Traditional Abbé refractometry requires the investigator to view down an observation tube and estimate the location of a dark-light boundary.1 The light scatter induced by a turbid medium, such as the corneal stroma, reduces the clarity of this dark-light boundary. This leads to uncertainty in judging the locus of the dark-light boundary and consequential systematic error and bias. A shift in stromal hydration from the normal physiological range is expected to further contribute to this uncertainty because such changes are associated with increased levels of stromal light scatter. The VCH-1 (Index Instruments, Huntington, UK) is an objective manual device for measuring the corneal refractive index based on the principles of Abbé refractometry.2 The instrument, designed for use in vivo, displays refractive index and an estimate of percentage water content based on theoretical models.4,5 The device has been calibrated, and its performance compared with more a traditional Abbé refractometer using appropriate liquids, hydrogel lenses, and turbid media such as pastes and creams.2,3 To date, the performance of the device has not been compared with a traditional Abbé refractometer using stromal tissue over a range of hydration values.
Several models link the refractive index of the stroma with hydration.4–8 Most of these models are based on the Gladstone-Dale law,9 assume the stroma is a single unit homogeneous medium and predict an inverse relationship between stromal refractive index and hydration. In contrast, the model according to Laing et al.6 is based on the empirical thickness-hydration relationship of the cornea10–12 These various derivations4–8 ignored the possible contribution of the stromal keratocytes on the overall refractive index. The influence of the keratocytes on the overall refractive index should be considered because of their significant contribution to the basic histology of the stroma13 The various models according to Maurice, Fatt and Harris, Laing et al.4–6 can be adapted allowing the possible effects of stromal keratocytes and variations in other stromal properties. These modifications are presented in the Appendix (the appendix is available online at http://links.lww.com/OPX/A108).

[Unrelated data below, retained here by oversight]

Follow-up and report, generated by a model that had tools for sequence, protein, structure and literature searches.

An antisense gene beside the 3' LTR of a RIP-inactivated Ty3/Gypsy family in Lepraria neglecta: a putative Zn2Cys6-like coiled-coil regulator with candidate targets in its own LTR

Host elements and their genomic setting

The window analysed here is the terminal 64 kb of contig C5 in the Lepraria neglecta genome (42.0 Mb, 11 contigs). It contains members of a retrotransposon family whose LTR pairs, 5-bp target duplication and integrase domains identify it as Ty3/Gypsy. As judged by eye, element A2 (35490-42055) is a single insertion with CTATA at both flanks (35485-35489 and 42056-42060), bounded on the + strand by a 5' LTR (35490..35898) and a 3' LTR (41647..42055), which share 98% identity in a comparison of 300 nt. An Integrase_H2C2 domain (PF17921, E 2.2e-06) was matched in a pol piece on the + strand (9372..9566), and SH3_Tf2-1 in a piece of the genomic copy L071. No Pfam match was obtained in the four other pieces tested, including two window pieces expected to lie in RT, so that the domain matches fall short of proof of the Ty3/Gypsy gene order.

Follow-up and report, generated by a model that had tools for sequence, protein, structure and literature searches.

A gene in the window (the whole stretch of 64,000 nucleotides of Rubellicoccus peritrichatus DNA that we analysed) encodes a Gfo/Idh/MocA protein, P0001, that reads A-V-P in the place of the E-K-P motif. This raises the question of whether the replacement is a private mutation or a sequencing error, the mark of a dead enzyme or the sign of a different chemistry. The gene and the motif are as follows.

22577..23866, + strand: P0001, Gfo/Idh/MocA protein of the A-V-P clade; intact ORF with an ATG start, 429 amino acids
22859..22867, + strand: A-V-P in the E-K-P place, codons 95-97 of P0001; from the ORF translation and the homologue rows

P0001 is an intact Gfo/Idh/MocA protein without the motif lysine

The direct evaluation of stromal hydration is a destructive process. Fortunately, measuring the refractive index is a rapid, convenient, economic, and non-destructive test that could be used to estimate, and monitor changes of hydration with the aid of a suitable empirical model. Model described by Eqs. 1 and 2 (the appendix is available online at http://links.lww.com/OPX/A108) can be used to predict the refractive index by suitably adjusting the values of the various components. The architecture of the corneal stroma alters along its depth13–19 leading to variations in the physiological properties between the anterior and posterior layers. The anterior stroma features tighter interwoven lamellae, a lower keratin sulfate:dermatan suphate ratio and a reduced propensity to swell when compared with the posterior stroma13–23 suggesting that, the refractive index may vary along the depth of the tissue. In comparison with the posterior surface, refractive index has been shown to be higher at the anterior surface of the stroma in bovine, porcine, and human models.8,24–27 In response to osmotic stress, the posterior corneal stroma is more susceptible and less resilient to changes in hydration when compared with the anterior stroma.8,16,17,19–23 Thus, we would expect changes of refractive index at the posterior corneal stroma to be more profoundly related to changes in the net overall hydration of the corneal stroma when compared with the anterior corneal stroma. This has been confirmed in the bovine corneal stroma when the refractive index was measured using a standard bench model, Abbé refractometer.8 However, we cannot be certain this holds true for other mammalian corneas.